The presidency of Donald Trump goes on trial this week, and this time it’s not before Congress but before the US Supreme Court.
On Tuesday, the court is scheduled to take up three challenges to the president’s sweeping claims of immunity from investigation. At stake is the very notion of whether the president of this Republic is above the law — whether he can simply ignore subpoenas from Congress and a state grand jury with a blanket claim of executive privilege.
These aren’t arcane legal arguments, but rather go to the heart of whether the president can be held accountable by Congress or the courts and whether in fact this nation still has three separate and “coequal” branches of government.
Two of the cases involve Trump’s dispute with Congress — one over a subpoena from the House Committee on Oversight and Reform seeking records from Trump’s longtime accounting firm, Mazars USA, the other involving records demanded by the House Financial Services Committee and the Intelligence Committee for records from Deutsche Bank, Trump’s biggest lender. The latter involves the congressional investigation into possible foreign interference in the 2016 election.
Trump’s lawyers insist the subpoenas are “unprecedented,” while lawyers for the House counter that the subpoenas have a “valid legislative purpose” and that its committees have historically had the power to investigate “the wide range of issues on which Congress legislates.”
The third case involves a subpoena of Trump financial records, including eight years of tax returns, by Manhattan District Attorney Cyrus Vance Jr. in connection with a grand jury probe of alleged hush-money payments to porn star Stormy Daniels and former Playboy model Karen McDougal during the 2016 presidential campaign.
Trump’s lawyers have argued not merely that the president is immune from criminal prosecution — itself a debatable proposition, based largely on Justice Department protocol — but also that “politically motivated subpoenas like this one are a perfect illustration of why a sitting president should be categorically immune from state criminal process.”
Under that doctrine, Trump, as he’s asserted, presumably could indeed gun down someone on Fifth Avenue and not be held accountable.
In fact, in all three cases, appeals courts have already upheld the subpoenas.
A Second Circuit Court of Appeals ruling in the case brought by Vance found that “presidential immunity does not bar the enforcement of a state grand jury subpoena directing a third party to produce non-privileged material, even when the subject matter under investigation pertains to the President.”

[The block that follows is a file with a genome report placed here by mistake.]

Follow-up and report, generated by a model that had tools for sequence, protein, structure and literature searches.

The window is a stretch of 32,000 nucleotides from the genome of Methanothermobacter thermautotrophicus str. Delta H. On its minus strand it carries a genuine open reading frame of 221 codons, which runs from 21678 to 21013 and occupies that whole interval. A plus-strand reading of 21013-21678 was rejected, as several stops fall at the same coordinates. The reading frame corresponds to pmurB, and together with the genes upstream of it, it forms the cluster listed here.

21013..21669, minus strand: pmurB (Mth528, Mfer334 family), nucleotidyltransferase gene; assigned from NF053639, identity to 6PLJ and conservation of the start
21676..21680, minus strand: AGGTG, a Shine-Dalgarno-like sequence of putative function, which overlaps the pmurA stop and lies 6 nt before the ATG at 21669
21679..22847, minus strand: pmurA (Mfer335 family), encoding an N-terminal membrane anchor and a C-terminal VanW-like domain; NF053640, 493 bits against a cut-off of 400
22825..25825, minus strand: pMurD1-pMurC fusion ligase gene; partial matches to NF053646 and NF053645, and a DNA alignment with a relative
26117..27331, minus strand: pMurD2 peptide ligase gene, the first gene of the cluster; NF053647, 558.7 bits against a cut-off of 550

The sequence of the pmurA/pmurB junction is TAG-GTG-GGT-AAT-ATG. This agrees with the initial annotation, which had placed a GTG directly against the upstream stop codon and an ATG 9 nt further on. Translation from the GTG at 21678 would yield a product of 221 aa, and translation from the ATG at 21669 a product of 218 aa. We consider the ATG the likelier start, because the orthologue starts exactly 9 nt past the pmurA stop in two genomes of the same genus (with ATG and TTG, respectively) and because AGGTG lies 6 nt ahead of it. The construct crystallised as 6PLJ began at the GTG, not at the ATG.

In fact, the opinion authored by Chief Judge Robert Katzmann noted that since six previous presidents had already disclosed their tax returns voluntarily, “it reinforces our conclusion that the disclosure of personal financial information, standing alone, is unlikely to impair the president in performing the duties of his office.”
There is, of course, a rational basis for some claims of executive privilege. A president should have the ability to consult with advisers, to receive memos and reports for his eyes only. But that privilege has never been absolute — and that’s the kind of privilege Trump’s lawyers are proposing here, one that ultimately would force the judicial branch to abdicate its role as arbiter of last resort.
Back in 1974, President Nixon made a broad claim of executive privilege, not unlike Trump’s, only to be rebuffed by a unanimous Supreme Court decision ordering the release of tape recordings of White House conversations subpoenaed by the Watergate special prosecutor. Chief Justice Warren Burger wrote at the time it was “the kind of controversy courts traditionally resolve.
“The generalized assertion of privilege," Burger wrote, "must yield to the demonstrated, specific need for evidence in a pending criminal trial.”
President Clinton invoked executive privilege to keep two close aides from testifying before independent counsel Ken Starr in the Monica Lewinsky scandal. He lost in US District Court on the same grounds: that the collection of evidence trumped any need to keep conversations confidential.
Many presidents have tried to push the envelope of executive privilege, but none to the extent that Trump has — often as no more than a delaying tactic now raised to an art form.
That pretty much also describes the administration’s latest effort to prohibit the House Judiciary Committee from seeing previously undisclosed portions of the grand jury proceedings in the investigation by special counsel Robert Mueller. The US Court of Appeals has already ordered the Justice Department to turn them over. Now that decision, too, will be taken up by the Supreme Court, later this month.
“Trump’s lawyers have repeatedly argued that the president is ‘totally untouchable,’” said Ben Berwick, counsel for Protect Democracy, a nonprofit founded in 2017 by a number of former government lawyers. “The arguments they are making are totally unprecedented and certainly not what the Founders envisioned.”
The principles at stake here go far beyond payments to a porn star and the details of Trump’s tax returns. They go to whether this truly is a nation of laws and whether the other two branches of government can — and will — assert their authority over a president committed to aggregating power and to flouting the Constitution.
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